Coven: a Case study of a Smart oven app

Designing a mobile app that controls a smart oven

Coven: control your microwave oven from your mobile phone with ease

Product name: Coven

Role: Product designer

Time frame: 2 (two) days

Task

“ … Can you come up with … and an App only oven. The oven is controlled only by the app, and has no buttons or handles”

Defining the product

To kickstart the project, I started out with trying to understand the context of the existence of the product

This involved interviews with the stakeholders to understand their goals and objectives for the product, for this project I coerced some of my friends into being the imaginary stakeholders 😁.

Aim

The goal of the product is to allow users to control the oven entirely from the app.

After this, next was to try to understand the user problems the Noven app was trying to solve and I came up with the following:

  1. For people who are busy with other things.
  2. For people trying to cook conveniently while carrying out other activities.

Research

Market research

I continued with a bit of quick market research to check out similar competitor products to get a quick understanding of the smart oven domain, what I can replicate and improve on in Coven and how they approached the creation of their products. Prior to this project, I had heard of smart ovens but it was strictly basic information. Ovens are so advanced these days, some can self-clean and even have intelligent humidity sensor 😮😲.

User research

Now that I had a little bit of knowledge of the smart oven domain I went back to my user to really trying to understand who the user could be, what they want and how they would use the app hypothetically.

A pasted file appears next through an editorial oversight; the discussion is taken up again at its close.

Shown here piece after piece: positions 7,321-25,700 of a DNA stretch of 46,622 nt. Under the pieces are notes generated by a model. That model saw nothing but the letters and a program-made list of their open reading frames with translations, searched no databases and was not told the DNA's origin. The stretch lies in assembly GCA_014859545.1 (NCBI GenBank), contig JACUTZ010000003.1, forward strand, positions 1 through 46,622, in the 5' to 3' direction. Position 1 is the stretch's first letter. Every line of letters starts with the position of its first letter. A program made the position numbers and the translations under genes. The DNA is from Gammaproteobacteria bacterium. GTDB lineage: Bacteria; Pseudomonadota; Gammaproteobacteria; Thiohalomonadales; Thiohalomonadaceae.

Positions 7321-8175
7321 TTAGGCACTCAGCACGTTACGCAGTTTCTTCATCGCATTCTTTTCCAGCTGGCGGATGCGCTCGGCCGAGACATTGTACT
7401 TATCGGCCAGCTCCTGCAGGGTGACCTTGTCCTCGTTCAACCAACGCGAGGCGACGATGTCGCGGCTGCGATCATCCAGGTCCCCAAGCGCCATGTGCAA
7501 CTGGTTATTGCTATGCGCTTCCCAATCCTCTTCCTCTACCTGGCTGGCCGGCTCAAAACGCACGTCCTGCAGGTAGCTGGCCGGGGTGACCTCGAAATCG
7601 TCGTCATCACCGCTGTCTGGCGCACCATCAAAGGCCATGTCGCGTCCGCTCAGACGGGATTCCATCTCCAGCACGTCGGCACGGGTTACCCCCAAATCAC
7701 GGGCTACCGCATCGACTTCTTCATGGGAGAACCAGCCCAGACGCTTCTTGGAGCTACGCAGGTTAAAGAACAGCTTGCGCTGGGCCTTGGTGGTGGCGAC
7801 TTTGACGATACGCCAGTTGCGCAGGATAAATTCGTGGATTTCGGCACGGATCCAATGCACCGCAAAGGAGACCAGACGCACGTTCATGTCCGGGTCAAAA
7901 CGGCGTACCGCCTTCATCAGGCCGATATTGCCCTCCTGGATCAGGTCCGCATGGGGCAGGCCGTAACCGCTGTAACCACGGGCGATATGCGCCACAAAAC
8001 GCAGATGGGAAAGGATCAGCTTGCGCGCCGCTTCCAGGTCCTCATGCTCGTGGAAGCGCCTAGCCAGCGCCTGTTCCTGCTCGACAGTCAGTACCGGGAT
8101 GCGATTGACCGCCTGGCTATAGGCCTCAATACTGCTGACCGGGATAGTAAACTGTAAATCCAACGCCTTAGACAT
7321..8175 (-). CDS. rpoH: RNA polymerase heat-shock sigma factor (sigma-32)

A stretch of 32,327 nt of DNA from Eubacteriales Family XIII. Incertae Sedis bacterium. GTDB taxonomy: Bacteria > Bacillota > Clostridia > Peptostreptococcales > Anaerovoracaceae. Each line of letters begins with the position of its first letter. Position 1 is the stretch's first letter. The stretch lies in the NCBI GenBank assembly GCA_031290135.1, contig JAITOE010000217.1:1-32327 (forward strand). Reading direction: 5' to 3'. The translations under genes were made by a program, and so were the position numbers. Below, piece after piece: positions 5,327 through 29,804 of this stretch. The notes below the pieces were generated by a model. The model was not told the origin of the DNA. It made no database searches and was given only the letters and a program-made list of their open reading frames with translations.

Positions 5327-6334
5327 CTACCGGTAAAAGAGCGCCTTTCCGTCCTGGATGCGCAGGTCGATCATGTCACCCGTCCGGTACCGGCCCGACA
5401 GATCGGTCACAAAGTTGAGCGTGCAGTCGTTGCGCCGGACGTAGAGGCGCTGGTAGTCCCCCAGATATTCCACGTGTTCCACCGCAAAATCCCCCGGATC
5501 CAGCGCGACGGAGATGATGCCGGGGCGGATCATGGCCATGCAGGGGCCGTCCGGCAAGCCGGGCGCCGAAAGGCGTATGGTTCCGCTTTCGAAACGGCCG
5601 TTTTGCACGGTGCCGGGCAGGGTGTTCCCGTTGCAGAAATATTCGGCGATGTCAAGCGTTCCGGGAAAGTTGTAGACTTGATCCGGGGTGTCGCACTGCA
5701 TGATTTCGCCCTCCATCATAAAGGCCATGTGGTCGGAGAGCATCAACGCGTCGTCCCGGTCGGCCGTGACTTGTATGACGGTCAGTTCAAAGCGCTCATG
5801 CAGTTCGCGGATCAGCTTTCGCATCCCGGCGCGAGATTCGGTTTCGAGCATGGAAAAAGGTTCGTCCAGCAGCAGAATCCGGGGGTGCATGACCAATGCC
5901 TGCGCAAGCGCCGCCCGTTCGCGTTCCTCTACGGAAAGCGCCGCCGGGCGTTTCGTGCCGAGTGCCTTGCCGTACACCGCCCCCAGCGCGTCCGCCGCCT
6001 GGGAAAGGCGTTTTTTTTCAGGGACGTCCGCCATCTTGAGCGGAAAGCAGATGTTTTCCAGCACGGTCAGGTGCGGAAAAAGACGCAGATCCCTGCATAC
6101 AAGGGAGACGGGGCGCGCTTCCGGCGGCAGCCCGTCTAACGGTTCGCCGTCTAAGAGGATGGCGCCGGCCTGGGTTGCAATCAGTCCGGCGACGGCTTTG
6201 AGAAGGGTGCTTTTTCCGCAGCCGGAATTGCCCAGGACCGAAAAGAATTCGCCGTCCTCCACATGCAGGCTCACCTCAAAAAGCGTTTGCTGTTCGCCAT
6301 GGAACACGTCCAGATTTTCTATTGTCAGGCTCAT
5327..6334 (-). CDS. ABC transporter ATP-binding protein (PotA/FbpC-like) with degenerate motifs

I assumed that the user knows what he/she wants to cook and decided that there are 3 stages involved in cooking with a microwave oven:

  1. Getting ready to cook.
  2. Cooking.
  3. Finish cooking.

Each of these stages would match how the app flow should work.

Creating Personas

The personas I created were personas modeled after my friends. The goals, needs, and pain points are actual responses from a sit-down interview with them.

Ayomikun

Ayomikun, my primary persona was created by combining the other personas into one. So I guess I can say Ayomikun is a compound persona (if something like that exists) 😎

Ayomikun “The compound persona”

Analysis

Based on insights from data collected during the research I was able to capture, organize and make inferences from the results of the user research. These inferences gave birth to the primary features and user flows of the app.

Product Features

  1. Timer
  2. Temperature controller.
  3. Food type presets.
  4. Different operation modes e.g. Preheat, defrost, bake and grill.
  5. Sensor monitoring for Humidity control (prevents meals from being overly dry).
  6. Power saver mode (reduces power consumption).

User Flows

This involves flows that would cover all the stages covered in the discovery process. I created user flows for two particular tasks.

Task 1: Defrost chicken

The user flow for this task illustrates the steps involved using a particular food type preset (chicken) and a particular operation mode (defrost).

User flow for “Defrost a chicken” task

Task 2: Cook a meal

The user flow for this task illustrates the steps involved in cooking a meal without selecting food presets or a mode but rather by specifying the time and temperature.

Design

Sketches

I created the sketches as approximations of what the final product might be and used it for user-testing.

low fidelity sketches

Mid-fidelity mockups

I used feedback from the low-fidelity sketches to work on iterating the design of mid-fidelity mockups. I used the mid-fidelity mockups to establish hierarchy and have a clearer layout.

High-fidelity mockups